For These Inner-City Dads, Fatherhood Comes With Homework
About two dozen dads — all African-Americans, ranging in age from their early 20s to late 40s — are standing in a circle participating in a call-and-response exercise:
Call: You done broke them chains.
Response: From my body and my brain!
Call: But you was deaf, dumb and blind.
Response: 'Til I took back my mind!
It goes on, the resonant voices repeating strengths and goals in unison. Welcome to the start of the responsible-fatherhood class, a group that meets every Monday and Wednesday at the Center for Urban Families in West Baltimore.
This isn't your typical classroom setting. The tables are arranged to face one another. The teachers, like Edward Pitchford, are called fatherhood specialists. They don't lecture at the front, but sit with their students and engage them in discussions based on the day's curriculum: communicating calmly and effectively with the mother of their children; and nurturing their kids, not just paying child support. Today, they're talking about staying strong and positive during a job search.
"One of the participants who came through the program, he had an opportunity to get a job," Pitchford tells the class. "Making $25 an hour, and they told him he had to cut his locks, and if he cut his locks, this job is secure for him."
Shouts of "You better cut them locks!" and "That's a lot of money, cut your hair!" fill the air. But Pitchford says the participant refused to cut his dreadlocks and didn't get the job. A young man on one side of the class with locks past his shoulders nods his head in approval; another shakes his recently shaved dome and says he cut his hair for a job making a lot less at Burger King to provide for his kids, and he'd do it again.
Some of the guys have been coming to this group for a long time. It serves as a support network, a safe place to share successes and talk through stumbles.
"This is my sanctuary," says 40-year-old LaKeeth Blackmon, "a place where I can be myself and meet good people and not get caught up with what's going on in the streets." Blackmon has six kids — with three different women. He's been in and out of prison and has an upcoming court date because he was caught dealing marijuana a little over a year ago.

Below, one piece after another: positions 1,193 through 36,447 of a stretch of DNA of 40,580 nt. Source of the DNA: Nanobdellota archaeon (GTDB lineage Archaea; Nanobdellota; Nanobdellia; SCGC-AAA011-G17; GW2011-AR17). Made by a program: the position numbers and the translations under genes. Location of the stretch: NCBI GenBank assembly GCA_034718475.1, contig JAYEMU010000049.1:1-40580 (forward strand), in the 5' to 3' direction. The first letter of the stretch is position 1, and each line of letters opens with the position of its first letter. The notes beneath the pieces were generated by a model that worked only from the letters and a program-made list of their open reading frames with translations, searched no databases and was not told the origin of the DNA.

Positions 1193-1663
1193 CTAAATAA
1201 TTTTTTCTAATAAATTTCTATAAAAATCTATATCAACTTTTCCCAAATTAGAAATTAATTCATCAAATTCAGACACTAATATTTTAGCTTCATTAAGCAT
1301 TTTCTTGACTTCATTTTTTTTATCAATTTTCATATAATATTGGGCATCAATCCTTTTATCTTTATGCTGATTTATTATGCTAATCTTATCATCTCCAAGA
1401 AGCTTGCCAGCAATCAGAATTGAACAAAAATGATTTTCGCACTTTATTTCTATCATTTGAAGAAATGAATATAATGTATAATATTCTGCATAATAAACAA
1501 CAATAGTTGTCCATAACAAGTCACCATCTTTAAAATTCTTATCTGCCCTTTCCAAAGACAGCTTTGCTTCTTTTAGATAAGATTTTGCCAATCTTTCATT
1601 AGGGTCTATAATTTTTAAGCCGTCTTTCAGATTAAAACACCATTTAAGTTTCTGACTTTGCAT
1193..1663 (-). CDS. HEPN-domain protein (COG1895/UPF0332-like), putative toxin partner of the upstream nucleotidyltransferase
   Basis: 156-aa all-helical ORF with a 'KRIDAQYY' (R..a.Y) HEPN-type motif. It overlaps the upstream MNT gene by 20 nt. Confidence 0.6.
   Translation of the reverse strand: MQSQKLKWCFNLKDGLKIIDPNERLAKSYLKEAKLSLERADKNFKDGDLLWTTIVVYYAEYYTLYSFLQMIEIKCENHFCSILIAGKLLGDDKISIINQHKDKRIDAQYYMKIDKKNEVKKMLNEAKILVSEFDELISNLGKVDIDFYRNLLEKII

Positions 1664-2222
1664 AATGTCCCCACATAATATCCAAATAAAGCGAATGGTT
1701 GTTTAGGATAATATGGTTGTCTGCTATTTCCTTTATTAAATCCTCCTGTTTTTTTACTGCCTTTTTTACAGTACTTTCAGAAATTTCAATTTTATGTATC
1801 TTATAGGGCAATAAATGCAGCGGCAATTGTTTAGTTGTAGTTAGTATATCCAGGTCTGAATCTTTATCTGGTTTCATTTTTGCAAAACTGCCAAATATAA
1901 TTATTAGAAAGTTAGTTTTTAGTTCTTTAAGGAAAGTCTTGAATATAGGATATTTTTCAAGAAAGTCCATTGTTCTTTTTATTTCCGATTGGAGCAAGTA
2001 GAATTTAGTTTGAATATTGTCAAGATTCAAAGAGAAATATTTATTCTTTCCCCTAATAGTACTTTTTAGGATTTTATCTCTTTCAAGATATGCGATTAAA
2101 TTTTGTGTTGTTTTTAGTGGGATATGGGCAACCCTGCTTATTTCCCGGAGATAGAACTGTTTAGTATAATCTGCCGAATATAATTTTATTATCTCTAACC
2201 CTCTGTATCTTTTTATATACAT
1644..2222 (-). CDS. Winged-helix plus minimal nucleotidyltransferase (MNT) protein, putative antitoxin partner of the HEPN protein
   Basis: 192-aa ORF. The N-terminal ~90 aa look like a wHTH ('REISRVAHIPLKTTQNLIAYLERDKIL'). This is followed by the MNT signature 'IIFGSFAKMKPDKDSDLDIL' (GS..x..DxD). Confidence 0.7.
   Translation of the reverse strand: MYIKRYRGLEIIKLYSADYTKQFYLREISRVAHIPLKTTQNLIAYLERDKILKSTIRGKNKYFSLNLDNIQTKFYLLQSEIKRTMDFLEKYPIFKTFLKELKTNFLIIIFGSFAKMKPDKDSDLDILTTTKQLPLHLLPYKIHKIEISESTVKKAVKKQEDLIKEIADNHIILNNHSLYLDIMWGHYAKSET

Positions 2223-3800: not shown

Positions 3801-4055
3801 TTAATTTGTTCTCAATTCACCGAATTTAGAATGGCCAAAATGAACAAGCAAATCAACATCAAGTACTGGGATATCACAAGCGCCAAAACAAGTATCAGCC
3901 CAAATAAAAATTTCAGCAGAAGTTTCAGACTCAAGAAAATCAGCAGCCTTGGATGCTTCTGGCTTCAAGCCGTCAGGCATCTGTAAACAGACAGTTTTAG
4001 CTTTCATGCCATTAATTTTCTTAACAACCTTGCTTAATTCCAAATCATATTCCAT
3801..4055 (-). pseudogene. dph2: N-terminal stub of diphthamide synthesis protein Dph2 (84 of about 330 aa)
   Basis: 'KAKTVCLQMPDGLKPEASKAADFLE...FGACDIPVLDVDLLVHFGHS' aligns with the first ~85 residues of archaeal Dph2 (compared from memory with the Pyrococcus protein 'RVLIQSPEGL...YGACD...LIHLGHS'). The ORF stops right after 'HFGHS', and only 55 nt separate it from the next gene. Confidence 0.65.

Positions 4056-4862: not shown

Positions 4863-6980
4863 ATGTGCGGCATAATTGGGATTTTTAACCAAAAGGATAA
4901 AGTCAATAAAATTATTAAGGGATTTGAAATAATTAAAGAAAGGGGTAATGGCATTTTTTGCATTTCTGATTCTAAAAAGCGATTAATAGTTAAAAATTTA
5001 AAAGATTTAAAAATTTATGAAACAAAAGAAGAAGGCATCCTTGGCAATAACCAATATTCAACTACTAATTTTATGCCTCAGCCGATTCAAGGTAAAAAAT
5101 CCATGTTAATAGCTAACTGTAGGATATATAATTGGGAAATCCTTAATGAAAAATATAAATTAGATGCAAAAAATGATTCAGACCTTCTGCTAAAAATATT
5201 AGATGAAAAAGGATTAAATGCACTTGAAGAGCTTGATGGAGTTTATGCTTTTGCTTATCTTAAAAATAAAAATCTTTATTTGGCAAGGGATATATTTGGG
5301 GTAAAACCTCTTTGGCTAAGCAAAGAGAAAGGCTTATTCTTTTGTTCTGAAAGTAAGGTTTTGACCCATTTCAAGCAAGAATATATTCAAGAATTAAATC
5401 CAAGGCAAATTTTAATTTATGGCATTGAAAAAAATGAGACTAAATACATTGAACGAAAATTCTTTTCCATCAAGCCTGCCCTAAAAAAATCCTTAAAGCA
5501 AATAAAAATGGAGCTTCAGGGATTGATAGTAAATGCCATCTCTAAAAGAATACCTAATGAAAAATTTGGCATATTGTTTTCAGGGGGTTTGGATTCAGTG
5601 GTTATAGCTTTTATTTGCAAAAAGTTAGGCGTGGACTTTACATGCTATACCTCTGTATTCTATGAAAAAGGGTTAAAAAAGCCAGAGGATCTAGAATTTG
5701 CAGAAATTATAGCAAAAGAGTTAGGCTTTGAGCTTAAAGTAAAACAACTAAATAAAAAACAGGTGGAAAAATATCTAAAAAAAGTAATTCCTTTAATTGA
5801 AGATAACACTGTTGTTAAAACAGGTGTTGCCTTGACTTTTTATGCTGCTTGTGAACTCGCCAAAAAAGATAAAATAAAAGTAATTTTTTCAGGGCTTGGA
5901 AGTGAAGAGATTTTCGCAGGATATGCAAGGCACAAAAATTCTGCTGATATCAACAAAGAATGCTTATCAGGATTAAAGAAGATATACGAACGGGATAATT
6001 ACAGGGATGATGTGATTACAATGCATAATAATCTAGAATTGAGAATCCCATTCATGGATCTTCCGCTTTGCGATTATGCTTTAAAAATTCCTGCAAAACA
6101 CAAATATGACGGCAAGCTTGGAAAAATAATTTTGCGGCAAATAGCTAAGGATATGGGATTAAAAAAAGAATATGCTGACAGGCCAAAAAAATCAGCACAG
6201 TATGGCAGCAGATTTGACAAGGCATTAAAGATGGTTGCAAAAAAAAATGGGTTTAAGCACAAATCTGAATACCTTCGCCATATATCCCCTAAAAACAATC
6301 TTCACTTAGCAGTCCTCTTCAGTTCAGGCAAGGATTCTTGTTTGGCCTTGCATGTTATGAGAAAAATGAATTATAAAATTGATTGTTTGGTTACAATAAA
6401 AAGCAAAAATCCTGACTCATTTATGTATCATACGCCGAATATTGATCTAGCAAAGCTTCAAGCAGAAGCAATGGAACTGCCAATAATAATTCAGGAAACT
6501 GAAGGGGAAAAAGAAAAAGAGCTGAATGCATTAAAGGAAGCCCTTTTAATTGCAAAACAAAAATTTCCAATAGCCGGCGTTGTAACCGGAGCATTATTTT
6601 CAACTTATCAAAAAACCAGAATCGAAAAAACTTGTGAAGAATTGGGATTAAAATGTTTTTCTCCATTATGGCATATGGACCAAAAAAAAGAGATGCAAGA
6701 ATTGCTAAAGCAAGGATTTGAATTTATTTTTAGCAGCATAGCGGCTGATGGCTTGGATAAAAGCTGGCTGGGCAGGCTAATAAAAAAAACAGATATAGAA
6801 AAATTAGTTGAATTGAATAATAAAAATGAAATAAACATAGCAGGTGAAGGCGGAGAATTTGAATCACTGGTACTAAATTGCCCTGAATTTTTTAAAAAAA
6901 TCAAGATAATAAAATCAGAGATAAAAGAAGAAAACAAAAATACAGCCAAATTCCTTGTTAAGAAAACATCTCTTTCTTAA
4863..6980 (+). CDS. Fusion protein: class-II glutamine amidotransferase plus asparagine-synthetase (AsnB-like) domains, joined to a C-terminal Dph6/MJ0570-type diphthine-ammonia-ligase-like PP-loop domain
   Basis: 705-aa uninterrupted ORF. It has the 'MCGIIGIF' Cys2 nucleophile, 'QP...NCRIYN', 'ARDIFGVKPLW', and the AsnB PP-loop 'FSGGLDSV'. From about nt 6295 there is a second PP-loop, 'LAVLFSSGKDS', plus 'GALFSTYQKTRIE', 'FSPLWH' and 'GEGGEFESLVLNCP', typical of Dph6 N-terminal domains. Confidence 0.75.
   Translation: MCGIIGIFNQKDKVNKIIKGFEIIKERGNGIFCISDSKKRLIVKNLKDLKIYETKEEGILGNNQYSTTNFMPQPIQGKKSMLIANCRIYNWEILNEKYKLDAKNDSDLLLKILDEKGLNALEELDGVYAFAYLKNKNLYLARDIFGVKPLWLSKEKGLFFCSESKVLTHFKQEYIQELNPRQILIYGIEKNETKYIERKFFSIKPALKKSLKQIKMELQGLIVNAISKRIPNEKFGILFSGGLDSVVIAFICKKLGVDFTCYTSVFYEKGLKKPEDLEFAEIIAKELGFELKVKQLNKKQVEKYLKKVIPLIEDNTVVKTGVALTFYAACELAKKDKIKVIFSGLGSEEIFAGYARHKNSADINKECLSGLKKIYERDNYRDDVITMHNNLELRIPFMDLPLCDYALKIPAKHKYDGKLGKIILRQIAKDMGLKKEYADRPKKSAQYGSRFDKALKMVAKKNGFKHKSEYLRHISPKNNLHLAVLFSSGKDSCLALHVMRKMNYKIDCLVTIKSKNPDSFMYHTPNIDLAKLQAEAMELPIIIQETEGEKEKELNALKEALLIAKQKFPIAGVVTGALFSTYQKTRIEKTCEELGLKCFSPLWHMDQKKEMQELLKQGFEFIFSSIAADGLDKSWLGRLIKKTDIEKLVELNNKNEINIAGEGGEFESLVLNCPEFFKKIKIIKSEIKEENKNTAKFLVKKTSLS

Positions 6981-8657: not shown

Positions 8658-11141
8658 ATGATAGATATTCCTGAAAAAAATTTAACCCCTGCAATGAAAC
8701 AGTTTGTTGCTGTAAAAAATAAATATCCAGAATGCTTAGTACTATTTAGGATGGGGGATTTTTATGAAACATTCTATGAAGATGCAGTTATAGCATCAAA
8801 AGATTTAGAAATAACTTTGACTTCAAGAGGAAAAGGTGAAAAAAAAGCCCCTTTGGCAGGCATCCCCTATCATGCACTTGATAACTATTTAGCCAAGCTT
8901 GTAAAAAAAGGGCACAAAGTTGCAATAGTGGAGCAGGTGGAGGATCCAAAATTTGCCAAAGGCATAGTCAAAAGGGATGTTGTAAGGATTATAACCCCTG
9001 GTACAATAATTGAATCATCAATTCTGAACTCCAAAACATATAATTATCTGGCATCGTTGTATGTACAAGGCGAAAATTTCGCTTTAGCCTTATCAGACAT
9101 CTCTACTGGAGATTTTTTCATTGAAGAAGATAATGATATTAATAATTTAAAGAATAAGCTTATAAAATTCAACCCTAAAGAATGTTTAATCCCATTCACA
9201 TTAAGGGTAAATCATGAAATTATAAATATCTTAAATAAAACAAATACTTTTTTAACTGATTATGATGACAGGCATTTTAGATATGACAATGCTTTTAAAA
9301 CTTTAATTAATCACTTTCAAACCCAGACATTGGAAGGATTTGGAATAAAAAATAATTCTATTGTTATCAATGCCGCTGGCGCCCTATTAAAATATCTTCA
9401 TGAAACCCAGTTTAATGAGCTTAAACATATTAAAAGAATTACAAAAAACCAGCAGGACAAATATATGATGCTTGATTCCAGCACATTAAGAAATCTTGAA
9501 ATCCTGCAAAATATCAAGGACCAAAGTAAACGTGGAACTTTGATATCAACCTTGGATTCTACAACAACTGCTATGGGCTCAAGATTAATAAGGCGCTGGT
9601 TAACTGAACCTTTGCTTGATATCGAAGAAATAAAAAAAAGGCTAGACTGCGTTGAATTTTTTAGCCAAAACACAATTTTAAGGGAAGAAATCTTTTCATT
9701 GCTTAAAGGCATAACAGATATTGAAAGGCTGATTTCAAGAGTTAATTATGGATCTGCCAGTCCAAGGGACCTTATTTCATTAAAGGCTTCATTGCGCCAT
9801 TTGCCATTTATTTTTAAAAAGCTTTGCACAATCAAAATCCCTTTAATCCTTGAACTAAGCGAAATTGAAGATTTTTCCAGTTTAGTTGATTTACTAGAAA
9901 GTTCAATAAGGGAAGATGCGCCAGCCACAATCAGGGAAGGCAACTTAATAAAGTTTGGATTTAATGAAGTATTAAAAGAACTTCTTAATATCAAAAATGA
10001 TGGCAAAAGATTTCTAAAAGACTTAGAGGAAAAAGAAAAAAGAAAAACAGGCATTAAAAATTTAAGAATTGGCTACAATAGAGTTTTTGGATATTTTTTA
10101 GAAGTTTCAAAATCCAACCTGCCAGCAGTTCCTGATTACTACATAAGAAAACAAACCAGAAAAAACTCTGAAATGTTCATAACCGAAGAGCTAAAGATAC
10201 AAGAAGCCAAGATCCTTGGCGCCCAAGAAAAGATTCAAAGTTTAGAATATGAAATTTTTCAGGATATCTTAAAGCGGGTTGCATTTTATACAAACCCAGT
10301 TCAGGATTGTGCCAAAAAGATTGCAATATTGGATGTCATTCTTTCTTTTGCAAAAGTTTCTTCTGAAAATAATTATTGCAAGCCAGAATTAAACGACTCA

"Look at my life: I don't even know if I'm going back to prison, but I'm here being positive," says Blackmon, who is dressed in slacks and a tie for today's meeting. His father was a drug dealer who was murdered 20 years ago, and Blackmon says he wants to be a better father so his kids don't get caught up in the cycle.
Kenneth Edwards is newer to class. The tall, stalky, bespectacled 30-year-old is a father of four: three boys and one girl. He's living with his girlfriend and daughter now. His three boys each have different mothers, and he wants to be more involved in their lives. That's why he's here, he says — to figure out how to do that in the right way.
He calls his father "a holiday dad. [He] comes around, you know, on birthdays, holidays." Edwards was raised by a single mom in the once-notorious Lexington Terrace housing projects. "This crazy environment with all these drug dealers and people using drugs, just chaos. There was absolutely no role models, I would say, besides the television." Edwards says that before coming to the class, he got the bulk of his fatherhood guidance from shows like Full House and Family Matters.
"How do you develop behavior when you don't see it?" asks Joseph Jones, creator of the Baltimore Responsible Fatherhood Project and president of the Center for Urban Families in West Baltimore. "How do you become a man if you've never seen somebody be a man, if the people in your life have abdicated their responsibilities and left you as a little person?"
Jones grew up in Baltimore without a dad, for the most part, and fathered his first son young. He was a drug dealer and addict at the time and says an inpatient rehab program saved his life. He went to college and spent almost a decade working at the Baltimore City Health Department. There, Jones was charged with getting substance-abusing, pregnant women to their doctor's appointments and was often confronted by angry boyfriends.
"[They'd say] 'Who the hell are you with my girl?' And, I said, 'OK, let me stop what I'm doing, give him attention and help him understand that I'm not a threat to him or his girl," Jones says. "And once I got their confidence, they said, 'We need help, man!' "
Jones says he developed this program nearly two decades ago to help those men whom he says social programs have ignored in favor of assisting mothers and children. He says he knows two meetings a week isn't a panacea to the problems facing black fathers in Baltimore's inner city, but it's a positive starting point.
The fatherhood class ends similarly to how it began. But this time the men are in a circle, made tighter by crossing their arms and grabbing their neighbors' hands. The call and response at the start is replaced with a powerful, unified recitation of the Serenity Prayer.
God grant me the serenity
to accept the things I cannot change;
courage to change the things I can;
and wisdom to know the difference.
And then someone spontaneously shouts, "Happy Father's Day, brothers!"
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